- Debra Lieberman, John Tooby, and Leda Cosmides, Does morality have a biological basis? An empirical test of the factors governing moral sentiments relating to incest, Proc. R. Soc. Lond. B (2003), 270, 819–826. Retrieved October 9, 2007.
- Adams, Kenneth, M. Silently Seduced: When Parents Make Their Children Their Partners, Understanding Covert Incest. HCI, 1991. ISBN 1558741313
- Bixler, Ray H. "Comment on the Incidence and Purpose of Royal Sibling Incest." In American Ethnologist. 9(3) (1982): 580-582.
- Blume, E. Sue. Secret Survivors: Uncovering Incest and its Aftereffects in Women. Ballantine, 1991. ISBN 0345369793
- DeMilly, Walter. In My Father's Arms: A True Story of Incest. University of Wisconsin Press, 1999. ISBN 0299165108
- Durkheim, Emile. Incest: The Nature and Origin of the Taboo. Lyle Stuart, 1963. ASIN B000IXT8R0
- Forward, Susan. Toxic Parents: Overcoming Their Hurtful Legacy and Reclaiming Your Life. Bantam, 1990. ISBN 0-553-28434-7
- Herman, Judith. Father-Daughter Incest. Harvard University Press, 1982. ISBN 0674002709
- Goody, Jack. "A Comparative Approach to Incest and Adultery." The British Journal of Sociology, 7(4) (1956): 286-305. Retrieved November 4, 2007.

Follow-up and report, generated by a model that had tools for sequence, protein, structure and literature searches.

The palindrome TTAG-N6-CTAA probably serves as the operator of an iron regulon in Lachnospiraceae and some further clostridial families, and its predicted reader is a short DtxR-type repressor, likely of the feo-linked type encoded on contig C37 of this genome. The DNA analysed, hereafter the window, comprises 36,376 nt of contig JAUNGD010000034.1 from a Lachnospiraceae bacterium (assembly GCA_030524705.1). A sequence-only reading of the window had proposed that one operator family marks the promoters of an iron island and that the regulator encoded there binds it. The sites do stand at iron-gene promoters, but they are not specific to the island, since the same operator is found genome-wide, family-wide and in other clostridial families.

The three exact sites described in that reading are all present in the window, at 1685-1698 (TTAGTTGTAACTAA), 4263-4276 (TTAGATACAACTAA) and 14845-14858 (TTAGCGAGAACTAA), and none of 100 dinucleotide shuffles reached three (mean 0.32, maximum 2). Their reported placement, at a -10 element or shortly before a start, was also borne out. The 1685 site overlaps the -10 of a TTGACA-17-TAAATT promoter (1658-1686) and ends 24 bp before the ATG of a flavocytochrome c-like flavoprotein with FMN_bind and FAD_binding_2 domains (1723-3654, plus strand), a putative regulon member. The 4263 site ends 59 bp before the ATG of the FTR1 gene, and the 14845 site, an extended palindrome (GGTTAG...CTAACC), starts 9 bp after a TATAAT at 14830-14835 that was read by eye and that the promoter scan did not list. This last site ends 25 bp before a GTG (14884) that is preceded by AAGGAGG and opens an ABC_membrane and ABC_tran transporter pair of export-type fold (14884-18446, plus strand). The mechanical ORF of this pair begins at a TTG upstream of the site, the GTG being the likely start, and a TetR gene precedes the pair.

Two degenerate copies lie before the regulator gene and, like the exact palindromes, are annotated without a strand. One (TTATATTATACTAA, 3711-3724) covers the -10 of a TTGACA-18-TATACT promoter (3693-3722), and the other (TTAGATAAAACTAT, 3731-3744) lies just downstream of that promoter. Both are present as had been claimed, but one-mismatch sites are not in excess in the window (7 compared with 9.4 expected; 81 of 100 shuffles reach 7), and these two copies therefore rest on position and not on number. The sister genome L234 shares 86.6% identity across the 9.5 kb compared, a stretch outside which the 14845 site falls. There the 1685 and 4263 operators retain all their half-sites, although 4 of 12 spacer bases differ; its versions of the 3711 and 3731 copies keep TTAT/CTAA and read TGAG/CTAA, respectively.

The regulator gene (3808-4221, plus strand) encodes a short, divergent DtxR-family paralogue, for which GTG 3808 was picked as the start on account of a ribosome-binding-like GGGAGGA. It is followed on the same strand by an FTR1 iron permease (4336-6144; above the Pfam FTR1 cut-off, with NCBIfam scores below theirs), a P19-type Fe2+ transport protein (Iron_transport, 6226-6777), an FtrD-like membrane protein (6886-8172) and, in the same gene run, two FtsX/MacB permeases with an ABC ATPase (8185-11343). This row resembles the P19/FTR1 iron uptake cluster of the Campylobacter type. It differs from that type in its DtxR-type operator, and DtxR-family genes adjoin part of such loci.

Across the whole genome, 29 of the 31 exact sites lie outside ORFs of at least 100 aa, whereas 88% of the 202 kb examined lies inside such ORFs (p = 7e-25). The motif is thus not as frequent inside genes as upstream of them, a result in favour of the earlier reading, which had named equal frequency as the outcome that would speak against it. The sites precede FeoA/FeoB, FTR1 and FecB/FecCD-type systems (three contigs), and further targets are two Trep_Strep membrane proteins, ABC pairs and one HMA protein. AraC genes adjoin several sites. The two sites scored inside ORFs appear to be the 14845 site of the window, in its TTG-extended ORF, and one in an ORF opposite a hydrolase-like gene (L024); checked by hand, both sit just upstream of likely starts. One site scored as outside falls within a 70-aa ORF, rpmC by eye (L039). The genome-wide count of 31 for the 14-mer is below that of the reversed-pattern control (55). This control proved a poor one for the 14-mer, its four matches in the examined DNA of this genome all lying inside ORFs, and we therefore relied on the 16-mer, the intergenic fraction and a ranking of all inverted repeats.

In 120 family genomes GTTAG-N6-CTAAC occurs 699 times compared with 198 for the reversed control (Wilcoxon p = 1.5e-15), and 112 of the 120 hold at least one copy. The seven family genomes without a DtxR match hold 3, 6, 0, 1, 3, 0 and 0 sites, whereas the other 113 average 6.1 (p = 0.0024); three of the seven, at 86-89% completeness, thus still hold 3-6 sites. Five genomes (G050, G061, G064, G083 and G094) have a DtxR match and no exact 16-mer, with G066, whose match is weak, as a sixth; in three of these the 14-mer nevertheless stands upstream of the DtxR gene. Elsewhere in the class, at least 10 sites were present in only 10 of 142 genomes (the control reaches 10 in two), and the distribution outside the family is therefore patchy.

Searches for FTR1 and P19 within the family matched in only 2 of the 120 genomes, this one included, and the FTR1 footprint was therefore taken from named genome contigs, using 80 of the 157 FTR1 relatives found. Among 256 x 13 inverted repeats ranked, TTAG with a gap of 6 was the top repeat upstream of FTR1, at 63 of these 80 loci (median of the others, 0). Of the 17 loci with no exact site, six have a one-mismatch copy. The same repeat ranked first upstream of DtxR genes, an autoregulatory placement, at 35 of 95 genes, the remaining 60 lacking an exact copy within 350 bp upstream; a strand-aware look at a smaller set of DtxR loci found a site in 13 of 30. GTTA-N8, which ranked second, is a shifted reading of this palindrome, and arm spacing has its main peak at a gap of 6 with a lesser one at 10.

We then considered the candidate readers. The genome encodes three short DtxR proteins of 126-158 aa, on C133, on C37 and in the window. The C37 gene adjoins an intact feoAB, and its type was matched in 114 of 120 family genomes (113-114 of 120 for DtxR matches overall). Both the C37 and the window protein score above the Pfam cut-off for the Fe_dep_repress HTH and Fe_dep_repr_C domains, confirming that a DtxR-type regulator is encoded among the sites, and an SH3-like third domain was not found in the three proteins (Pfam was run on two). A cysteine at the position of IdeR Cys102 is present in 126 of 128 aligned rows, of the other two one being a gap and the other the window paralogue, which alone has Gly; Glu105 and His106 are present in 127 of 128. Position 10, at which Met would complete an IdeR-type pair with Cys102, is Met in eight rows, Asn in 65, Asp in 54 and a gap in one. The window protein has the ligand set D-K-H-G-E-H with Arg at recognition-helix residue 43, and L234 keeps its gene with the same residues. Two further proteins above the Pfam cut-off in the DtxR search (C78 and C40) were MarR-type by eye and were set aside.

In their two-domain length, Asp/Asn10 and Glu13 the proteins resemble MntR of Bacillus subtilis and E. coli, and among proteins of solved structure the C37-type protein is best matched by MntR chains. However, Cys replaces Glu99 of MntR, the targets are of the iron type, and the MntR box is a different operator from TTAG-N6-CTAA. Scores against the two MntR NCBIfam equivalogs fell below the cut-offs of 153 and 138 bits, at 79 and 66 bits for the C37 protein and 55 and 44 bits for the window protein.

- Leavitt, G.C. "Sociobiological explanations of incest avoidance: A critical claim of evidential claims." In American Anthropologist. 92(1990): 971-993.
- Lévi-Strauss, Claude. Elementary Structures Of Kinship. Beacon Press, 1971. ISBN 978-0807046692
- Lewis, Naphtali. Life in Egypt under Roman Rule. Oxford, 1983. ISBN 0788505602
- Lewis-Stempel, John. England: The Autobiography. Penguin, 2005. ISBN 978-0141019956
- Lobdell, William. "Missionary's Dark Legacy." In Los Angeles Times, 2005, A1.
- Love, Pat. Emotional Incest Syndrome: What to Do When a Parent's Love Rules Your Life. Bantam, 1991. ISBN 055335275X
- Méndez-Negrete, Josie. Las hijas de Juan: Daughters Betrayed. Duke University Press, 2006. ISBN 978-0822338963
- Miletski, Hani. Mother-Son Incest: The Unthinkable Broken Taboo. Safer Society 1999. ISBN 1884444318
- Rosencrans, Bobbie and Eaun Bear. The Last Secret: Daughters Sexually Abused by Mothers. Safer Society 1997. ISBN 1884444369
- Shaw, Brent D. Explaining Incest: Brother-Sister Marriage in Graeco-Roman Egypt. Man, New Series, 27(2) (1992): 267-299.
- Shaw, Risa. Not Child's Play: An Anthology on Brother-Sister Incest. Lunchbox, 2000. ISBN 0970423500
- Wulf, Arthur. Inbreeding, Incest, and the Incest Taboo: The State of Knowledge at the Turn of the Century. Stanford University Press, 2004. ISBN 0804751412
All links retrieved February 28, 2018.
- Child Sexual Abuse and the State. By Ruby Andrew. UC Davis Law Review. Vol. 39, 2006. Discusses U.S. incest laws in cases where victim is a minor.
- The Gentle People. By Nadya Labi. Legal Affairs. Jan. 2005. Intrafamilial child sexual abuse in Amish community.